John K. Cauthen (1906–1973)
John Kelley Cauthen is regarded as one of the most powerful leaders in South Carolina during the 20th century, a man who used his talents to develop consensus and create the foundations for modern economic development in the state.
Although Cauthen never headed a company, he was one of the state's most energetic and visionary business leaders. He was an authoritative spokesman for the textile industry, which powered the state's economy, and his actions and voice triggered major changes in the state's economy and society.
Cauthen's versatile career included service as a journalist, a confidante and advisor to governors and other public figures, and briefly as a member of the Columbia City Council during a period of critical change for the city.
John Kelley Cauthen was born June 9, 1906, in North Augusta, South Carolina, the son of the Rev. Henry J. and Mary Finlayson Cauthen. His father was a Methodist minister, and the family moved often. Cauthen spent his boyhood in York, Walterboro, Georgetown, Darlington, and Charleston. Because of his father's death, he attended school for only eight years.
For 15 years, he was a newspaperman, working for The News and Courier in Charleston and then for The Columbia Record, and also became the state's first radio commentator with WIS in Columbia in the late 1930s until 1941. During that period, he became intimately acquainted with many public officials.
Cauthen served for two years as director of the South Carolina Good Roads Association, and from that position, he helped bring about much-needed development in the state's highway system. He became one of the state's most valuable assets in public affairs.
Cauthen served as executive secretary during World War II to Governors J. Emil Harley and R. M. Jeffries. When Governor Harley, who was suffering from terminal cancer, became too ill to give his State of the State message to the General Assembly in 1942, Cauthen delivered it.
During Harley's term of office, Cauthen's influence in public affairs continued to grow. After learning of a major prison scandal, he investigated and quickly and decisively corrected the abuses. He had to make so many tough decisions that House Speaker Sol Blatt once called Cauthen "one of the best governors this state has ever had." He was called on to write major speeches for several other governors as well.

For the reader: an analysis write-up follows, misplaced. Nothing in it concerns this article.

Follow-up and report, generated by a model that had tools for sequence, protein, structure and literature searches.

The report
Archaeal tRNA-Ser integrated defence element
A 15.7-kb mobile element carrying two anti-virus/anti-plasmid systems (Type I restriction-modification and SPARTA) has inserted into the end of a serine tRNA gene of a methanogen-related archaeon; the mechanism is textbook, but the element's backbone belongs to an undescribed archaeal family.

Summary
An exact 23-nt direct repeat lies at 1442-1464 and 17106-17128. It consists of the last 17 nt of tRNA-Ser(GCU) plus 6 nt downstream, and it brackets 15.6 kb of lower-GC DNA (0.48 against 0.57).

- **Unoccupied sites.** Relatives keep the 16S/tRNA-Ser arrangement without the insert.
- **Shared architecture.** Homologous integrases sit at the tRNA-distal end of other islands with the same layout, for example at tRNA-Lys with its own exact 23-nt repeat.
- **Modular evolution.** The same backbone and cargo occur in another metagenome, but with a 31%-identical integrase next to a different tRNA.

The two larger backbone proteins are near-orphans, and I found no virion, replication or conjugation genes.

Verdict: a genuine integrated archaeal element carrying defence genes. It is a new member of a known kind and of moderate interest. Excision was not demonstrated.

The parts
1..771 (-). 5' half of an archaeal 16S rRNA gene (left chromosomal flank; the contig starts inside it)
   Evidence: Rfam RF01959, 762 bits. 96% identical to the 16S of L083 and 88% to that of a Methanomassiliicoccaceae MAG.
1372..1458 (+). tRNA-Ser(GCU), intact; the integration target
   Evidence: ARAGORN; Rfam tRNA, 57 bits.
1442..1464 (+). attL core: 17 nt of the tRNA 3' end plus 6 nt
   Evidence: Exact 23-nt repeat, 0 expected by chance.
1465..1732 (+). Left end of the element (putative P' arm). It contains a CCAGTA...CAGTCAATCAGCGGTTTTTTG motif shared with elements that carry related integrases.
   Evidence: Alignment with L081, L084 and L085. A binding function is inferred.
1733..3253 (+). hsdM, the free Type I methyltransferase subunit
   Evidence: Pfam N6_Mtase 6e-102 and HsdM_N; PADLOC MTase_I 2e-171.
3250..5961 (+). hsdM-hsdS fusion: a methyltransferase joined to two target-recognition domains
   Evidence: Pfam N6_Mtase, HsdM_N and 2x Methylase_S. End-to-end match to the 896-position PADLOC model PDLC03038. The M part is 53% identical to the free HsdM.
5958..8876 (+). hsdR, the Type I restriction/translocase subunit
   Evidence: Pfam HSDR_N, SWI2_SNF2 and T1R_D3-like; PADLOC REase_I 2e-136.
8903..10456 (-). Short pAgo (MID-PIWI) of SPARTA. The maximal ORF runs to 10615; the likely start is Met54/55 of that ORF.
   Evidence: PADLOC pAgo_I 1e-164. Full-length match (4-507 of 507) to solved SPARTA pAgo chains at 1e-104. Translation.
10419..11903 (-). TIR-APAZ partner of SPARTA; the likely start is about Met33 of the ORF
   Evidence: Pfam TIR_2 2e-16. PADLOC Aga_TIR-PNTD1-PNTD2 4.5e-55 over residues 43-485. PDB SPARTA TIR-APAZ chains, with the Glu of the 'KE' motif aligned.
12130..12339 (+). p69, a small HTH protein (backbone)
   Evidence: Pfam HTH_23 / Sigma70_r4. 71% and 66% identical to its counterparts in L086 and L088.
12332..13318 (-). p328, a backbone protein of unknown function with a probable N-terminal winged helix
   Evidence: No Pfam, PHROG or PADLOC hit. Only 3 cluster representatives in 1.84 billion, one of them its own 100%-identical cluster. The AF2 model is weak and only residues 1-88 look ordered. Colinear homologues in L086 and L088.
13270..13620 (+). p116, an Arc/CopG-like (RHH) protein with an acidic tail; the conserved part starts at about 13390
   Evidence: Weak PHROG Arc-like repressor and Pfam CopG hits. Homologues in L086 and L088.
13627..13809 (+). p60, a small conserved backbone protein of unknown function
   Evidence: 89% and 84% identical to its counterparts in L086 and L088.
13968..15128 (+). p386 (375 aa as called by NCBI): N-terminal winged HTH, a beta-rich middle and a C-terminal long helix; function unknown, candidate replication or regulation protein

From 1945 to 1971, Cauthen served as executive vice president of the South Carolina Textile Manufacturers Association, and it was during those years that he made his greatest contributions to business and government in South Carolina.
John Cauthen worked quietly, one-on-one, to influence people almost always behind the scenes. Because he avoided center stage, he probably never won proper recognition for his role. Yet he played a part in virtually every important chapter in the state's political history during those years.
Long before the environment became a popular issue, Cauthen drafted the state's first water pollution control law, set up the first pollution control agency governing board in 1950, and served on it for its first four years.
He worked with the late Charles E. Daniel and textile leaders to fashion an economic development policy that made the state an attractive place for industry, including getting the right-to-work law enacted.
Cauthen served on a committee that triggered vital improvements in the state's ports. Their work led to the initial $21 million ports bond issue that helped revive commerce at the Port of Charleston.
During the racial upheaval that wracked the state during the 1950s and 1960s, Cauthen looked ahead, not back. He was a catalyst in marshaling sentiment for peaceful integration of Clemson University.
While Cauthen helped shape the textile industry, he saw the need to enrich the minds of South Carolinians. He had a multi-pronged vision to elevate the economy of South Carolina and improve the lives of its citizens. As part of that vision, he and his son, Henry J. Cauthen, a director at WIS-TV at the time, developed the plan for a television system that could transmit many different educational programs at one time to schools throughout the state. This plan became South Carolina's world-renowned ETV system. Henry Cauthen became South Carolina Educational Television's second president, a position he held until 1998.
John Cauthen also helped reshape the state's higher education system. He served on the first Commission on Higher Education, once as chairman, and later received honorary degrees from Clemson University and Lander College. He maintained a strong commitment to the improvement of education in South Carolina throughout his life.
Cauthen got things done largely through his relationship with such political giants as state Senator Edgar A. Brown and House Speaker Blatt, both of Barnwell County. Long a close friend of Brown's, Cauthen narrated an educational television presentation on Brown's life when the Edgar Brown Foundation for Scholarships at Clemson was announced.
Cauthen was also close to Sol Blatt and wrote a book on his life: Speaker Blatt—His Challenges Were Greater. The book was published in 1965.
Cauthen, a private man, preferred to spend his few spare moments with his children, grandchildren, and his devoted wife, the former Deloris Vaughan, a Wilmington, North Carolina, native and accomplished artist who died in April 1992.
John Cauthen died December 18, 1973, at the age of 67.
He was inducted into the South Carolina Business Hall of Fame in 1992.
© 1999 South Carolina Business Hall of Fame